In the aftermath of Brock to the Rock, I’ve gotten a number of questions why I didn’t run this year. For those of you who are unfamiliar with Brock to the Rock, it is a tradition of Brock Hall of Cedarville University. Once a semester, the men of Brock surprise the rest of campus by running from Brock (at the north end of campus) to the Spirit rock (in the center of campus by our student center) in their underwear just before curfew.
While I have done Brock to the Rock before, I find issue with it now for two reasons:
1. The double standard–women would never be allowed to do a similar event.
2. The lust issue–are we unknowingly causing issues for our sisters in Christ?
Let me address the double standard. Women at Cedarville would never be allowed to do something similar to Brock to the Rock (think “Printy Sprinty,” or “Willetts to the Water Tower”). However, men are not technically allowed to do this either, but the administration largely turns a blind eye in the name of tradition. The implicit reason why a female version of Brock to the Rock is out of the question is because of the conception of the female body as ‘dangerous,’ as a ‘stumbling block’ for the male eyes, which brings me to my second point.
Largely, men are viewed are visual while women are perceived as emotional or relational. However, I would argue that this is a very false dichotomy. Speaking from a male perspective, I am certainly a visual person, but that does not disqualify me from being emotional or relational. Frankly, I want to feel loved; my acceptance is something that I worry about frequently. Likewise, women are not just emotional/relational; they are visual as well. Statistics show that 1 in 3 visitors of pornographic websites are women. Magic Mike, a movie about male strippers, made nearly $40,000,000 in it’s opening weekend in July of 2012, falling just behind 2011 blockbuster Sherlock Holmes: Game of Shadows and ahead of fellow 2012 blockbuster The Bourne Legacy. Perhaps as a broad generalization you could say that less women struggle with lust than men, but that does not mean that we should not accommodate for those who do.*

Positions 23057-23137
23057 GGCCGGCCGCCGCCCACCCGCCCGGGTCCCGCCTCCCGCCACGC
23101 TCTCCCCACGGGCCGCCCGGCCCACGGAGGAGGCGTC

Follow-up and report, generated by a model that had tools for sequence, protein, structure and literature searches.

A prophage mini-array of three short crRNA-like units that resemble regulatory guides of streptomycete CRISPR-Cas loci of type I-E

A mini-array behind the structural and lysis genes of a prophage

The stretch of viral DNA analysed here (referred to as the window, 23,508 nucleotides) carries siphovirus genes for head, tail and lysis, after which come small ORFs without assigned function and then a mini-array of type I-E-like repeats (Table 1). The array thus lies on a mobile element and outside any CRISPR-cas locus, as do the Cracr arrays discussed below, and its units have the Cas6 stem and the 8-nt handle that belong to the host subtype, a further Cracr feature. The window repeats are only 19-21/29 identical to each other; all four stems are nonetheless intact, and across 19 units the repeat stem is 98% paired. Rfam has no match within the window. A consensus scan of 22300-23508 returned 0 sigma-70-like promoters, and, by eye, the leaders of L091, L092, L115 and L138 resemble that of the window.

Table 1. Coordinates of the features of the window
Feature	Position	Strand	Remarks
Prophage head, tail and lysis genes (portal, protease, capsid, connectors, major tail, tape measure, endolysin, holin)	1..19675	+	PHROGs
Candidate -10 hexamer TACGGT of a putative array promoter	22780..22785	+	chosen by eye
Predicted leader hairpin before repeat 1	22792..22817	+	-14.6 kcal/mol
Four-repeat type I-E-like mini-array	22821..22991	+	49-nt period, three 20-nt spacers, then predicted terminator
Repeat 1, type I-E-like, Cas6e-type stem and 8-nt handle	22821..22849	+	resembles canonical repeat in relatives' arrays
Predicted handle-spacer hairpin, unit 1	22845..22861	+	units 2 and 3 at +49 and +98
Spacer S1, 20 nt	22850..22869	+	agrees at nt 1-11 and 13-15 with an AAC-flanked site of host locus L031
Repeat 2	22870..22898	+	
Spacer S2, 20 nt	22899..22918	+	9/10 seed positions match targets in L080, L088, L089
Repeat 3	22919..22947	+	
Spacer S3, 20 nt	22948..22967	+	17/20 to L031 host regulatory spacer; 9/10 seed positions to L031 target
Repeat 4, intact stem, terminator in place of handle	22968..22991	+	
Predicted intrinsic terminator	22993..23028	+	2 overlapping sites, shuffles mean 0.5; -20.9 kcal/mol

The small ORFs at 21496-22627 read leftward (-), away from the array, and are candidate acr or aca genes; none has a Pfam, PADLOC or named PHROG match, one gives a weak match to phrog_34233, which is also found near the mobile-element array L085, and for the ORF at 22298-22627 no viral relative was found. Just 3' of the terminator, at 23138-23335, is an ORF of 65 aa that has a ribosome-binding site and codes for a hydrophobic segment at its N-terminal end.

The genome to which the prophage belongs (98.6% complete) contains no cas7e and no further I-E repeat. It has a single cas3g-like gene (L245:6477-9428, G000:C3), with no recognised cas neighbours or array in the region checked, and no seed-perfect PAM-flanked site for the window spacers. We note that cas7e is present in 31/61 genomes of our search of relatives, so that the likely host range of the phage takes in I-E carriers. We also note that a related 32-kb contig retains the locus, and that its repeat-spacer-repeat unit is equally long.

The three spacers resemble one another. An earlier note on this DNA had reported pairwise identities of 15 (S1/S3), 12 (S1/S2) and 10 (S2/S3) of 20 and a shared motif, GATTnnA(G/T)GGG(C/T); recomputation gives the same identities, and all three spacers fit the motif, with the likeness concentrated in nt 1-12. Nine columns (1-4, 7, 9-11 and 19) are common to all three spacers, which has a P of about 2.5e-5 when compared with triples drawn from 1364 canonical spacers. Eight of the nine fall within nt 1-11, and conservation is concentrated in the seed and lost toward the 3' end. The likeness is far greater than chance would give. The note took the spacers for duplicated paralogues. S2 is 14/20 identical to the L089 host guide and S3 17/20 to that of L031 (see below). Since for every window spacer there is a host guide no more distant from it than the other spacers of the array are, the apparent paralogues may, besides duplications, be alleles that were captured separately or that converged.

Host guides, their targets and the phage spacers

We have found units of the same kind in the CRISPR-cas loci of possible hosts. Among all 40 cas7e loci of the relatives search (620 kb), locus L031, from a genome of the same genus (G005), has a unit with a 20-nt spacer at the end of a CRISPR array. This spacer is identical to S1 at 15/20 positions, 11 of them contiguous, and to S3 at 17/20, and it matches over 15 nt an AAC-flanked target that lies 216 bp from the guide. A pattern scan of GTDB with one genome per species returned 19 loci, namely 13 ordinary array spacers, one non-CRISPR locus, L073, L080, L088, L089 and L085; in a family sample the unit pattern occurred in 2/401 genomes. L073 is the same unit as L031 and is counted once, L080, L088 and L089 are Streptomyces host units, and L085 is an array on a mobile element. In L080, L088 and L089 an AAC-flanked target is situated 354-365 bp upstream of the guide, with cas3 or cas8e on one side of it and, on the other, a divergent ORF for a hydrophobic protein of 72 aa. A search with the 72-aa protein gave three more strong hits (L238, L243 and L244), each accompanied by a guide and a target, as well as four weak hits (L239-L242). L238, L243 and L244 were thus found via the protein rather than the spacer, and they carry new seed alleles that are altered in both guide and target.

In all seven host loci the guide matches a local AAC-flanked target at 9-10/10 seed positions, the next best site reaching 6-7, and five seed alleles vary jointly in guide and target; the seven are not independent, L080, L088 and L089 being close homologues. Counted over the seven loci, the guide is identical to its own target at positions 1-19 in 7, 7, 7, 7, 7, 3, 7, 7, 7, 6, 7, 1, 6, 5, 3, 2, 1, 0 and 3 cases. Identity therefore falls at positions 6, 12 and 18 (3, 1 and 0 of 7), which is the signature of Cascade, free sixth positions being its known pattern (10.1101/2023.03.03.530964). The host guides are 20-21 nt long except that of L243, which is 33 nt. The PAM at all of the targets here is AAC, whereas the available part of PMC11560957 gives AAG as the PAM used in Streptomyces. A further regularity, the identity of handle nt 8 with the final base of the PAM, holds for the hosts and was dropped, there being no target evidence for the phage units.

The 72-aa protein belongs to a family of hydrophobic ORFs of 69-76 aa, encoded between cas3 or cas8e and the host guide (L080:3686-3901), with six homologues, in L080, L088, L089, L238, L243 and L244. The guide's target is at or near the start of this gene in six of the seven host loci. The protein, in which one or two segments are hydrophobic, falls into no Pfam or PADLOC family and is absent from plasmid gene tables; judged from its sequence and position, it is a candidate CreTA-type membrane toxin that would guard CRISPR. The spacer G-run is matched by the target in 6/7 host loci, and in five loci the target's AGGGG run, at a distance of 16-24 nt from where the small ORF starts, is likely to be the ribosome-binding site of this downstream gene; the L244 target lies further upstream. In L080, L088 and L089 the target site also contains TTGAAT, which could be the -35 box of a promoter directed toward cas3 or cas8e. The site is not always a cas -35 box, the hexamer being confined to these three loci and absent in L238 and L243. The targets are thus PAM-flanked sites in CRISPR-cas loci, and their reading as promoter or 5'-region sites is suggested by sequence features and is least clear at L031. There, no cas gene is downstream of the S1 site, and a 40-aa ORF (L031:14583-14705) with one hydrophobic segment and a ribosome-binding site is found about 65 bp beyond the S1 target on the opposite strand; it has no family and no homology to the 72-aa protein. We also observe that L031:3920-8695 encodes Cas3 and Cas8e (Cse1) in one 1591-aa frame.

Though I have a personal conviction with Brock to the Rock for these reasons, I am not condemning anyone who participates. As I stated, I’ve done Brock to the Rock, and it’s fun! It became a tradition for a reason. If people want to participate, that’s fair. But until a double standard is rectified, I can’t participate in good conscious.
*Actually, I admittedly find some tension with my own point. I would actually argue that it is not the responsibility of the observee to be modest, but of the observer to maintain a pure thought life. Perhaps as Christians we have a higher calling to dress with modesty as to represent Christ well and build up our male/female counterparts in Christ. I don’t know exactly where this tension breaks. If you want to know more about my personal thoughts on modesty, see my blog on Christian Liberty and Misconceptions in Modesty.